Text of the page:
Tale of Two Cities: The Impact of Slumping Oil Prices on the Economy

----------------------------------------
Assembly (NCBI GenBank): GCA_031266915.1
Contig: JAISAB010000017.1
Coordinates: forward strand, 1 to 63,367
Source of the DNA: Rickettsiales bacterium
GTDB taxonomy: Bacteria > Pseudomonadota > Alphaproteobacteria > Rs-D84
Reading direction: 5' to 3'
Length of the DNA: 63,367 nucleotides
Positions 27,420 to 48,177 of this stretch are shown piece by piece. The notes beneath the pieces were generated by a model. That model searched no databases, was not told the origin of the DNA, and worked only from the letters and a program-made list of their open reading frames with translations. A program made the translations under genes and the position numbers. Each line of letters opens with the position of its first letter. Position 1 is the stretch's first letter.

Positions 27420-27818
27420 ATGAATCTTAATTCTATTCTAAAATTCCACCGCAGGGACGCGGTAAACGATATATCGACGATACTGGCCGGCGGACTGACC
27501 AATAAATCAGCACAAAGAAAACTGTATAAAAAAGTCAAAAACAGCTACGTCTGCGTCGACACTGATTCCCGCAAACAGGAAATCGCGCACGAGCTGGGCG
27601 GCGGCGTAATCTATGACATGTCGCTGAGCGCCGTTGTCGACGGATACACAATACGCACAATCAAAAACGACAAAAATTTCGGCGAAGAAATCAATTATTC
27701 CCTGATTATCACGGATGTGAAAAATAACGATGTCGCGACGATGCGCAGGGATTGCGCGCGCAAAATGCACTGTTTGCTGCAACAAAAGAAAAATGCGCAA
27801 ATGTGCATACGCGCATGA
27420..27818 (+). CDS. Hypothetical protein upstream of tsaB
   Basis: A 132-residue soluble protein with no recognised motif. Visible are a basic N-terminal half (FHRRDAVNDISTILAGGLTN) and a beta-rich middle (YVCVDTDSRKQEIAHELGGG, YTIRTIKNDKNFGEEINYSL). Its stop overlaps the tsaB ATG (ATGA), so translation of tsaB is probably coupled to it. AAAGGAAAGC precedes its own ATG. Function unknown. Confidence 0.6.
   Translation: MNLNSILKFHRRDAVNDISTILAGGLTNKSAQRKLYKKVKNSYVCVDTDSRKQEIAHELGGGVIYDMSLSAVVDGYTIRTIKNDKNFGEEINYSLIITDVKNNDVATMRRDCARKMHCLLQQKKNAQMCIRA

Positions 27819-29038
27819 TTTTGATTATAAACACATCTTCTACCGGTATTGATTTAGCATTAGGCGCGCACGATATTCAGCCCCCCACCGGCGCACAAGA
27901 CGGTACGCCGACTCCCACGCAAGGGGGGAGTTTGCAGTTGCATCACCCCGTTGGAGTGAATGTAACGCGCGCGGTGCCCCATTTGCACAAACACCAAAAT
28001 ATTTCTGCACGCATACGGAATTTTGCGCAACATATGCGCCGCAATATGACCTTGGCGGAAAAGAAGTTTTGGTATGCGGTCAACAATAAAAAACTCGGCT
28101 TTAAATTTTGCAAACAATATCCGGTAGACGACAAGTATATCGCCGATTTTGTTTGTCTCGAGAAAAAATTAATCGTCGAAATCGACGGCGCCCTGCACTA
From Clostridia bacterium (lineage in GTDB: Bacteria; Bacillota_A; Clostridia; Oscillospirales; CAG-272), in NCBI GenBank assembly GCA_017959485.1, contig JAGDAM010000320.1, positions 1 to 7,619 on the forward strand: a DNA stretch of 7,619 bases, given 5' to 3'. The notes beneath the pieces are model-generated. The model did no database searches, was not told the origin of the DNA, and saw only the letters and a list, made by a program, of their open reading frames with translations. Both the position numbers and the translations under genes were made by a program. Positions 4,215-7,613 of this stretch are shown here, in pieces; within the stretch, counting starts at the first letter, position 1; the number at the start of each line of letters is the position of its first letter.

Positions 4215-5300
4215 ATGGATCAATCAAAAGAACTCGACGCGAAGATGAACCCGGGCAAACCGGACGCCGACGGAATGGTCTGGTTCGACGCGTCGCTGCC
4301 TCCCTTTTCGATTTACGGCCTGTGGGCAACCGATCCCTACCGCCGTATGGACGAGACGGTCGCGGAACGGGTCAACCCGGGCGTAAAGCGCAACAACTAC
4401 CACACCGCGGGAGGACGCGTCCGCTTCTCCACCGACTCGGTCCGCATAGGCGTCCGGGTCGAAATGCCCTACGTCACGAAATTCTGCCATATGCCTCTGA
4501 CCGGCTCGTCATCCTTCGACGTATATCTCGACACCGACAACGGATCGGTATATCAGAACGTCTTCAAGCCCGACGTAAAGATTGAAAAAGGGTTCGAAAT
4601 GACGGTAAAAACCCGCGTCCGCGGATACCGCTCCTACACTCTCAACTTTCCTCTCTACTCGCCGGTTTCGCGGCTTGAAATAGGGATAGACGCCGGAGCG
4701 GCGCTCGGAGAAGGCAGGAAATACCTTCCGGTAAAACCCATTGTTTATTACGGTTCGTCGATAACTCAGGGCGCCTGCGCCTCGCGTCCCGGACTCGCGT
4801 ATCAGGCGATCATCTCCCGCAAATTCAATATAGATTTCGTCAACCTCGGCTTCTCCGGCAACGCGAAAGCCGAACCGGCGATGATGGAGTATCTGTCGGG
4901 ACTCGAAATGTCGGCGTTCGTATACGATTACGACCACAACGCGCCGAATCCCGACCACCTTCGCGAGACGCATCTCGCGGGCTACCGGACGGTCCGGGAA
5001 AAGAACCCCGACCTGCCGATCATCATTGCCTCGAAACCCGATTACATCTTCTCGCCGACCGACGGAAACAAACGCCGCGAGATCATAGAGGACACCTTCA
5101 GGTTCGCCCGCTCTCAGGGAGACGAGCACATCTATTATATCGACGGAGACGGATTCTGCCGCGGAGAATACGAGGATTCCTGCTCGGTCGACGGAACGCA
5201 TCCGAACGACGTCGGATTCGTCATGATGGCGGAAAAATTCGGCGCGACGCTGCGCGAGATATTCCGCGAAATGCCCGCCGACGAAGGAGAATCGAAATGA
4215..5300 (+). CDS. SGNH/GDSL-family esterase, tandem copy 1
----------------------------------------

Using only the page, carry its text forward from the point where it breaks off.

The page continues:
In July 2008, the price of oil per barrel reached an astronomical $147, and the price of gasoline in several states exceeded $5 per gallon; just six months earlier in January 2008, the price per barrel had hovered around $90. Fast forward to the end of 2008, and the price had plunged to under $35 a barrel, when the United States and world economies were in the throes of the Great Recession, the worst economic downturn to sweep over the globe since the Great Depression. Reviewing the price per barrel in the last six months reveals similar trends: in June 2014, oil was around $115 per barrel and six months later, in early January 2015, it had dropped precipitously to below $50 per barrel. Interestingly, the four years with the highest average crude oil prices since the 1860s were 2008, 2011, 2012 and 2013; hence, the steep drop in oil prices is not a “new normal” but a return to more historic price levels. This SLC Regional Resource describes recent trends in oil prices, the reasons for their fluctuations, and the affect they have on individual states and industries in the region.